RICHLAND — The Department of Energy plans to spend about $2 billion in stimulus money to speed up cleanup at south-central Washington’s highly contaminated Hanford Nuclear Reservation.
Hanford will receive nearly one-third of the stimulus money announced Tuesday for environmental work at former World War II- and Cold War-era weapons sites in 12 states. Projects will focus on speeding cleanup of contaminated soil and groundwater, waste disposal, and demolition of former weapons buildings.
The extra $2 billion equals what the federal government typically spends cleaning up Hanford each year.
“These investments will put Americans to work while cleaning up contamination from the Cold War era,” Energy Secretary Steven Chu said in a statement. “It reflects our commitment to future generations as well as to help local economies get moving again.”
Created as part of the top-secret Manhattan Project to build the atomic bomb during World War II, Hanford has been a focus of extensive cleanup efforts for two decades. Today, it is the nation’s most contaminated nuclear site, with cleanup costs expected to top $50 billion.
Hanford produced plutonium for the world’s first atomic blast, the Trinity Test, and for the bomb that was dropped on Nagasaki, Japan, effectively ending World War II. The site continued to contribute to the U.S. nuclear weapons arsenal throughout the Cold War.
The remnants of that effort, 53 million gallons of radioactive brew, were left behind in 177 underground tanks. Some of those tanks are known to have leaked into the aquifer, threatening the neighboring Columbia River, and 144 tanks remain to be emptied.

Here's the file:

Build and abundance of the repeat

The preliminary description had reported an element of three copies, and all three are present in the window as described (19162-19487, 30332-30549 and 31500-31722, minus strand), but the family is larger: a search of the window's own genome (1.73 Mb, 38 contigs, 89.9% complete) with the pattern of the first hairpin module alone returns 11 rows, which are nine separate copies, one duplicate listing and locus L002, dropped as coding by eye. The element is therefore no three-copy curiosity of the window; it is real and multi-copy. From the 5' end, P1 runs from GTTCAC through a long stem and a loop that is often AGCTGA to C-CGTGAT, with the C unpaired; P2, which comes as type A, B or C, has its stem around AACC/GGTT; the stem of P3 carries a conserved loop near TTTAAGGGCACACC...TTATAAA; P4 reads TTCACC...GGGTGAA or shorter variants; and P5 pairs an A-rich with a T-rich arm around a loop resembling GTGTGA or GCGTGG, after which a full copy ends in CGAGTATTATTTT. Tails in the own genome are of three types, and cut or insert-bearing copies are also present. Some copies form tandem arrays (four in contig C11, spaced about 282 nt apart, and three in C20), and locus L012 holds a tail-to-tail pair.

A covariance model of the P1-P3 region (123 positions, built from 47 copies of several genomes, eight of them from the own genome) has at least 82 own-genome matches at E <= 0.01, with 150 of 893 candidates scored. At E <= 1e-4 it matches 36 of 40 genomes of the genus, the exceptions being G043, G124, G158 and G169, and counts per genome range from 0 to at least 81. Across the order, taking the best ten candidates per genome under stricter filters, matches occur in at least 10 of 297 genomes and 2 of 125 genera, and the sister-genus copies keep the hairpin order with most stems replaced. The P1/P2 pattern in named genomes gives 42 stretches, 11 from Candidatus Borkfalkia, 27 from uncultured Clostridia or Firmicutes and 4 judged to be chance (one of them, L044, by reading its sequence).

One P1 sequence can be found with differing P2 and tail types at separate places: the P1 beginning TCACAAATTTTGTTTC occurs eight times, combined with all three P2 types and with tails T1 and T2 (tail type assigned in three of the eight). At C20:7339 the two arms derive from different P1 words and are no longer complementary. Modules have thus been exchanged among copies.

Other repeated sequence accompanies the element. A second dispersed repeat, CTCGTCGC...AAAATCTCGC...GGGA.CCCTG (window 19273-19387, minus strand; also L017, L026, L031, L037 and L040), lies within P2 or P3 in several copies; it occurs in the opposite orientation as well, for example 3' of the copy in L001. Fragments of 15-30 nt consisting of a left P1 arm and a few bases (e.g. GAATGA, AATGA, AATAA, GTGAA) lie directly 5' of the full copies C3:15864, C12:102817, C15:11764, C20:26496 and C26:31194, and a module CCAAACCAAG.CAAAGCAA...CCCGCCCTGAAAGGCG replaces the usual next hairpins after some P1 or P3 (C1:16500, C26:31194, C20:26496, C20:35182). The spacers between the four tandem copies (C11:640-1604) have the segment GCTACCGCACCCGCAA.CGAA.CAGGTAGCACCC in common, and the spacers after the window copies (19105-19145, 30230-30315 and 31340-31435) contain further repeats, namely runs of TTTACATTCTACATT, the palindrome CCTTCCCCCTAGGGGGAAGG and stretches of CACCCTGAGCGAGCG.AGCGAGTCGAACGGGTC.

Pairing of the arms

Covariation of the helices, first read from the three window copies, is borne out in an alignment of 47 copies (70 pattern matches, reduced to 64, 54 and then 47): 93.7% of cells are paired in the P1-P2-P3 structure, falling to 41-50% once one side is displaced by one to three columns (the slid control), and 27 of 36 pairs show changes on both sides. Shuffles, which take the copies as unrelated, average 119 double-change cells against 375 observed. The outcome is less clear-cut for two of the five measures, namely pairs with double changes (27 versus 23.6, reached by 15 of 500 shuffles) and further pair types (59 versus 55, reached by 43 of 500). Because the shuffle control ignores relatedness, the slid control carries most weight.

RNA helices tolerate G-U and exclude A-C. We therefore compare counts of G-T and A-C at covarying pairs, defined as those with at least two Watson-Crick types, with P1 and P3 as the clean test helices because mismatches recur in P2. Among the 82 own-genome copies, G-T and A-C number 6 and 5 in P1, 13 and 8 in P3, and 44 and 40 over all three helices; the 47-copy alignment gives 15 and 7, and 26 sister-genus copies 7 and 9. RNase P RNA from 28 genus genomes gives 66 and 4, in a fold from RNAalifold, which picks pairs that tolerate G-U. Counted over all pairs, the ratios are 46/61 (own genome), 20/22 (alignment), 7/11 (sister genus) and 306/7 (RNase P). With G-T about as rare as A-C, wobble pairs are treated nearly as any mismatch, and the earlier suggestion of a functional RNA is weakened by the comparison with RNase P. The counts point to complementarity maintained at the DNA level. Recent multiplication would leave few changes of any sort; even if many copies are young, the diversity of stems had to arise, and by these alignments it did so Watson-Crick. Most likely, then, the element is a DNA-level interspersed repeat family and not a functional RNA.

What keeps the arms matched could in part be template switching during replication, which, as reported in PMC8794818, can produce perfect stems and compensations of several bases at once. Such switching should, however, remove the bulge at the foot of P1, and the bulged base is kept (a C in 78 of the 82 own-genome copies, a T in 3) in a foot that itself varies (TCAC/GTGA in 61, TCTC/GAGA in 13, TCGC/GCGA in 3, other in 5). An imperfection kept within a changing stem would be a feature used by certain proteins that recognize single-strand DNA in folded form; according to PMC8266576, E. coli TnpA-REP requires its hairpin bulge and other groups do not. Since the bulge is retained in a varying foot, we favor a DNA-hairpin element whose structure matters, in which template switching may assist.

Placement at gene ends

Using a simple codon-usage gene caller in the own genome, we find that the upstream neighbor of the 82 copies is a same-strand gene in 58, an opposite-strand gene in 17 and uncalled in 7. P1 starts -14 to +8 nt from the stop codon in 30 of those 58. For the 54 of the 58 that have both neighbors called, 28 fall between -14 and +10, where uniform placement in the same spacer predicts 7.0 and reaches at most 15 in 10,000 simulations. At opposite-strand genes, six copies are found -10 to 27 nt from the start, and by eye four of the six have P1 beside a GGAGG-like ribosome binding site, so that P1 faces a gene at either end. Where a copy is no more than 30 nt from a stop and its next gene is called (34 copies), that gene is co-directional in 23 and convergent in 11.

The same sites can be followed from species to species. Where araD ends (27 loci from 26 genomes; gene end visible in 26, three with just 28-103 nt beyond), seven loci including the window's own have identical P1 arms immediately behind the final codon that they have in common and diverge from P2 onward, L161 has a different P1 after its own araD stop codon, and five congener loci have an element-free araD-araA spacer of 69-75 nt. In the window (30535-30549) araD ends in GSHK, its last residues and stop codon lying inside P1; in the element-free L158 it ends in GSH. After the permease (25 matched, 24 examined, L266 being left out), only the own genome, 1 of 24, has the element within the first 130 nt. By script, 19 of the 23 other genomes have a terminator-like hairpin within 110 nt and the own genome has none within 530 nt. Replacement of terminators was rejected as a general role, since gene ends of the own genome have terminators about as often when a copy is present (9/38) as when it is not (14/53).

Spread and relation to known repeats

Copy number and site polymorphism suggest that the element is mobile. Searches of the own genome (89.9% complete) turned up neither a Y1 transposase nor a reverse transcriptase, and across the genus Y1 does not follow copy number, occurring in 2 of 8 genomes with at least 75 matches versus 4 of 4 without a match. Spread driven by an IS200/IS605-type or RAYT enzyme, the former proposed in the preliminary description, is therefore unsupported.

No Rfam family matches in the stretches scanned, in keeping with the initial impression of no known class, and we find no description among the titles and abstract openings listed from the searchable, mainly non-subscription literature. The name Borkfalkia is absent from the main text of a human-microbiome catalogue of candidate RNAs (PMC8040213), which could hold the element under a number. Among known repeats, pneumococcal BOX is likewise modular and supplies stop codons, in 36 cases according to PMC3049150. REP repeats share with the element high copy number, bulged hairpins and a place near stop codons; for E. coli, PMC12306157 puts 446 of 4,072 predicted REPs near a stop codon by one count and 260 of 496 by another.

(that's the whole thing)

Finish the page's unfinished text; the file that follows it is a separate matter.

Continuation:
About $326 million of the stimulus money will be spent to speed the design and construction of systems to transfer that waste out of the tanks, among other things.
Roughly $1.6 billion will be spent to demolish nuclear facilities, remediate waste sites, retrieve waste from burial grounds and clean up contaminated groundwater. Particular focus will be on sites near the Columbia, one of the most important waterways in the Pacific Northwest.
That work is intended to shrink the active cleanup area of the 586-square-mile site to 75 square miles or less by 2015.
The federal government already spends roughly $2 billion each year — about one-third of the total cleanup budget nationally — to rid the site of toxic and radioactive waste. But late last year, the Energy Department announced it would miss 23 cleanup deadlines in 2009 because there was insufficient money in the 2009 budget.
State and federal officials agreed in February to new deadlines for cleaning up groundwater and some radioactive waste areas, but a lawsuit continues over other missed deadlines.
The other states receiving the stimulus money are South Carolina, Tennessee, Idaho, New Mexico, New York, Ohio, Utah, Illinois, Kentucky, California, Nevada.